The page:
John William Strutt, Lord Rayleigh (b. November 12, 1842, Langford Grove, Maldon, England – d. June 30, 1919, Terling Place, Witham) was a physical scientist who made fundamental discoveries in the fields of acoustics and optics that are basic to the theory of wave propagation in fluids. He received the Nobel Prize for physics in 1904 for his successful isolation of argon, a noble gas appearing in the Earth's atmosphere.
Strutt graduated from Trinity college, University of Cambridge, in 1865 as Senior Wrangler (highest score) in the Mathematical Tripos. Further he won the Smith's Prize (a prestigious competitive award for an essay that incorporates original research). His first paper (1869) explained the electromagnetic theory of James Clerk Maxwell in terms of analogies that a non-physicist would understand. In 1873 he became the third Baron Rayleigh, on the death of his father, the second Baron. In the same year he became Fellow of the Royal Society of London.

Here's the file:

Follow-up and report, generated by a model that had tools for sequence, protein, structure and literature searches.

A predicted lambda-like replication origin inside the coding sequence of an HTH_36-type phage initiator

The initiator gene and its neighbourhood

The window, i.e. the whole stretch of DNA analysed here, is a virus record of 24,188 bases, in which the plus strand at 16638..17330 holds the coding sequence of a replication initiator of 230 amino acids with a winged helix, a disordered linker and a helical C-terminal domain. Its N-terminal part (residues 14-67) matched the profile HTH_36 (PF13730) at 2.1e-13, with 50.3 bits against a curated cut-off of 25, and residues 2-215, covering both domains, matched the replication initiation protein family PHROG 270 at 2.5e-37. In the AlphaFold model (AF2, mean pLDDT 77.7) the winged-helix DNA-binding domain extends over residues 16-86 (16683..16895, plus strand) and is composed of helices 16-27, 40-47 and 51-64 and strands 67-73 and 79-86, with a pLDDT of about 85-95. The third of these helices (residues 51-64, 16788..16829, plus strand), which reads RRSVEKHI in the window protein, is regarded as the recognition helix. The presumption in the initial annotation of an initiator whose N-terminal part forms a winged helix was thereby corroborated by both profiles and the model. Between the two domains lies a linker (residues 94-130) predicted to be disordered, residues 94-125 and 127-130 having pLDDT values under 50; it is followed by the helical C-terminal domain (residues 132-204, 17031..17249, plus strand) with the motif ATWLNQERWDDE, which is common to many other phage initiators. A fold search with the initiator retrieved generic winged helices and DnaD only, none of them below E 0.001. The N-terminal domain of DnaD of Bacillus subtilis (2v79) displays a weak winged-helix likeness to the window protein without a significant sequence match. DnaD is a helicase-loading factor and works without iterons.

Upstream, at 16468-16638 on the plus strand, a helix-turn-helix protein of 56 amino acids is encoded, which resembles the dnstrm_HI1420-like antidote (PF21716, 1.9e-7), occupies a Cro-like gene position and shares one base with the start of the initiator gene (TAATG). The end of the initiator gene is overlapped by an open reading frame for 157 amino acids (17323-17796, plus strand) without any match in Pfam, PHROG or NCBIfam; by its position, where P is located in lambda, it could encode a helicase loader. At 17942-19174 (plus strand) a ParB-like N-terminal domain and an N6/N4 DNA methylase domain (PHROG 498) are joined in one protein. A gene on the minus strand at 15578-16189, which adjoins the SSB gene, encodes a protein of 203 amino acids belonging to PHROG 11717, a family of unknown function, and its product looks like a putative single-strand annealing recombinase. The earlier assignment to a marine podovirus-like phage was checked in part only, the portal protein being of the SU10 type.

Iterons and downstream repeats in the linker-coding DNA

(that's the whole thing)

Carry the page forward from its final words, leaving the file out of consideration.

On an excursion to Egypt taken because of his health, he began writing his famous two-volume treatise The Theory of Sound, published in 1877–78. He served as the second Cavendish professor of experimental physics (1879–84) at Cambridge, succeeding Maxwell. Succeeding Tyndall, he served as Professor of Natural Philosophy at the Royal Institution from 1887 to 1905. From 1885 to 1896 he was secretary of the Royal Society of London and in 1905 he became president, which he stayed until 1908. In that year he became chancellor of Cambridge University.
During the 1880s he conducted precision measurements of the density of gases. After noting that the density of the nitrogen gas isolated from the atmosphere was somewhat higher than the density of nitrogen obtained by chemical means, he isolated argon in 1895 from atmospheric nitrogen, thus explaining its higher density by the presence of small amounts of argon.